IB: How do you both think the image of labor has changed in photography over, let’s say, the last fifty years? Perhaps the greatest evidence is the disappearance of those enormous masses of workers that the Lumière immortalized. The powerful Industrial Landscapes of Josef Koudelka (b. 1938, Czechoslovakia/France), on show at the Museo Civico Archeologico, appear solitary and deserted; one of the scenes, a coal mine in the Czech Republic, calls to mind a concentration camp. Similarly, in the images produced by the photographers of the latest generations, we note an “angle of absence”—empty board of directors’ tables, emptied factories—an occupational void. One example of this is the series Workforce by Michele Borzoni (b. 1979, Italy), shown at Palazzo Pepoli Campogrande. One caption reads: “Amazon, Castel San Giovanni, Piacenza. In 86,000 SQ M 830 people work, average age 31 years, the place is as big as 12 football fields, goods are displayed on millions of kilometers of shelves, and deliveries are made to customers at the rate of one every four seconds.” Another reads: “Open competitive examination for recruitment of 40 art historians at the ministry of cultural heritage and activities. 1550 people applied for the exam which took place in the new Fiera di Roma.” These are no longer the employees with hallucinated faces, canonized by their professional tools (the computer, the loom, the oven), that Lee Friedlander (b. 1934, United States) portrayed in the 1980s with the title At Work (at Fondazione del Monte–Palazzo Paltroni). Nor are these the workers of John Myers (b. 1944, United Kingdom), kicked out of the factories and certainly disoriented but still proudly attached to what had been their task up to that very point (The End of Manufacturing, 1981–88, at Museo Internazionale/Biblioteca della musica). Labor (increasingly atypical, flexible, temporary, precarious—Italy’s current experience in this regard is dramatic) today seems no longer to be the mechanism for constructing people’s identity as it was for centuries. Or do you think it still is? And if so, in what ways does this manifest itself today?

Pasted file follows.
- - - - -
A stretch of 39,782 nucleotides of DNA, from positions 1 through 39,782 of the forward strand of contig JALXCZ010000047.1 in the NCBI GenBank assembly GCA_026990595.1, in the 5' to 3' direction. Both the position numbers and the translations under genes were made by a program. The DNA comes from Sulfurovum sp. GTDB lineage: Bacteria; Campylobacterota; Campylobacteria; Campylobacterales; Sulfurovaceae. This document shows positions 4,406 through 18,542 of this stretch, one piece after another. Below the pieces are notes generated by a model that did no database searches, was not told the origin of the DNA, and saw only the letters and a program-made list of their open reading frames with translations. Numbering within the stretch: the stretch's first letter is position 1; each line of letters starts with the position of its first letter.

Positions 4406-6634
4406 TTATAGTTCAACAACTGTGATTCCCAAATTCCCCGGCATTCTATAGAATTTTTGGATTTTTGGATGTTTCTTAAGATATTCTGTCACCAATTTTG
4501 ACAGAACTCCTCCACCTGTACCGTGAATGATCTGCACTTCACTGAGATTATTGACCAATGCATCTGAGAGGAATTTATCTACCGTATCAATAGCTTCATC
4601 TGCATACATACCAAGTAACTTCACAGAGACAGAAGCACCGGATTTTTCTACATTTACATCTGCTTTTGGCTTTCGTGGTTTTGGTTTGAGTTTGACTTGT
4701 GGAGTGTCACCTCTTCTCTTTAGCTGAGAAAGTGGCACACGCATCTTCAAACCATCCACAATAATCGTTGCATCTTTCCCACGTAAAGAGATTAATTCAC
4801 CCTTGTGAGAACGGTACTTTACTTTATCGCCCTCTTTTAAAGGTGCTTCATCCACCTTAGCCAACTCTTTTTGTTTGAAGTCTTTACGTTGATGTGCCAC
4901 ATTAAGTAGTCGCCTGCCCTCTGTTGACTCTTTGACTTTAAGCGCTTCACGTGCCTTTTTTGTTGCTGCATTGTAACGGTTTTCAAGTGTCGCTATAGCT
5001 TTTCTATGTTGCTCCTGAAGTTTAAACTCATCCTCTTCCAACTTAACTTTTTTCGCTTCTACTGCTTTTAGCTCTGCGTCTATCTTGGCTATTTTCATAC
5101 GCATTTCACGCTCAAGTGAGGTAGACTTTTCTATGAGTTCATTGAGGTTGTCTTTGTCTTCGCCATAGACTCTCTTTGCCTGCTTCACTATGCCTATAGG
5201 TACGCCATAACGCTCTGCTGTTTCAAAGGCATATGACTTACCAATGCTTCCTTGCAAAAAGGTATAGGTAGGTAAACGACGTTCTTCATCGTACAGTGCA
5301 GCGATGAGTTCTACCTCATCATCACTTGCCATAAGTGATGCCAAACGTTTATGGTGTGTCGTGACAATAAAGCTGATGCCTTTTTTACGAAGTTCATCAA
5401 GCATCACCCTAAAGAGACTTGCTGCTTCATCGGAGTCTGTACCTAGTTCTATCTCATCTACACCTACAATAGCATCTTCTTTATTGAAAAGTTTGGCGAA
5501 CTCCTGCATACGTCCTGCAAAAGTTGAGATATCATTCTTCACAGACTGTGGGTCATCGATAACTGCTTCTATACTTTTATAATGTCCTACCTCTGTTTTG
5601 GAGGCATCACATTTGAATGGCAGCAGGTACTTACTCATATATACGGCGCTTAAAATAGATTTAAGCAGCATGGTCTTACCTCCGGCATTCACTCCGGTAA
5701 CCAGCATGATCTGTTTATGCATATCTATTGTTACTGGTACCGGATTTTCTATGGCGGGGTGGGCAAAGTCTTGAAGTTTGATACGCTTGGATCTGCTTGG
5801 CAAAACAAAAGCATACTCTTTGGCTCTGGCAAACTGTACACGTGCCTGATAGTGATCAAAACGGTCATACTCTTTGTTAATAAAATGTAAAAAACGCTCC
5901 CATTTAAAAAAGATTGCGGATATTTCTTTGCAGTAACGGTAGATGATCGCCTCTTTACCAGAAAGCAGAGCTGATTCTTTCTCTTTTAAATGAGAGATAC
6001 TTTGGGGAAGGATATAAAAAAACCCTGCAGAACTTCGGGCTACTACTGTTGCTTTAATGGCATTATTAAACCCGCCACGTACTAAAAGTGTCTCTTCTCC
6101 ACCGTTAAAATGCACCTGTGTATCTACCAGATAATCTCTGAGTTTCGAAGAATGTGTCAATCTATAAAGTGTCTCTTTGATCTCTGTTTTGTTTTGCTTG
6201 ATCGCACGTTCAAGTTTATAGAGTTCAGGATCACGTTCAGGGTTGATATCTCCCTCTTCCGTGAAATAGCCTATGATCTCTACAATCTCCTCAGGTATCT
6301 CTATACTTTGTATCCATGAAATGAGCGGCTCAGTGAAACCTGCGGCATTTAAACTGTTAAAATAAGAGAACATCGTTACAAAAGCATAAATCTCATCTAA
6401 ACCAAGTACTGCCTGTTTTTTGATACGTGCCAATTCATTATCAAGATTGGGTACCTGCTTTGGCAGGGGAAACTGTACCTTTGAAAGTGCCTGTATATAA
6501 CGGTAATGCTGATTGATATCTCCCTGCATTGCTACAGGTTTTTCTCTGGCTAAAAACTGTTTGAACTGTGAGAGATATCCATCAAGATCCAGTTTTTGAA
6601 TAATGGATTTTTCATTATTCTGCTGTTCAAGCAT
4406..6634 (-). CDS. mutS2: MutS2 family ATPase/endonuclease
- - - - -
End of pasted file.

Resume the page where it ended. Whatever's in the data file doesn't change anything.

FH: First of all, I do not think all countries are comparable, nor all types of work. Dirty mining still exists in some countries, even if it has disappeared from Europe, the making of cell phones still requires hard assembly-line work, cars are now produced by robots, and so on. I think with the successive crises, human beings have lost their status in the working environment. Unions have much less power since the simple fact of having a job seems to justify not being able to express oneself. This has been a gradual development, but photography does not always show all of this, and this is why, for instance, the work of Michele Borzoni is rare and remarkable.

US: That is a big question, and yes, it is obvious that we are at a point where work might no longer be available for all of us, maybe not even for half of us. We might be forced to find quite different fields to create our own identities. Some will still have their work to do, but some will fight boredom and loneliness. The books of Luciano Floridi, Christoph Kucklick, or Yuval Noah Harari talk about this. This is a process that started a while ago, and certainly by the 1980s it had already changed our visual history. With the streamlining of companies, changes of ownership, and stricter cost controls, the visual histories of many companies have been discarded over the last decades, and jobs have been given to amateur in-house photography clubs and external small-format photographers. The result is a visible deterioration, a dilution, of industrial photography. The pride of industrial photography, the very prominent representation of machinery, architecture, production processes, and products, disappeared for a while.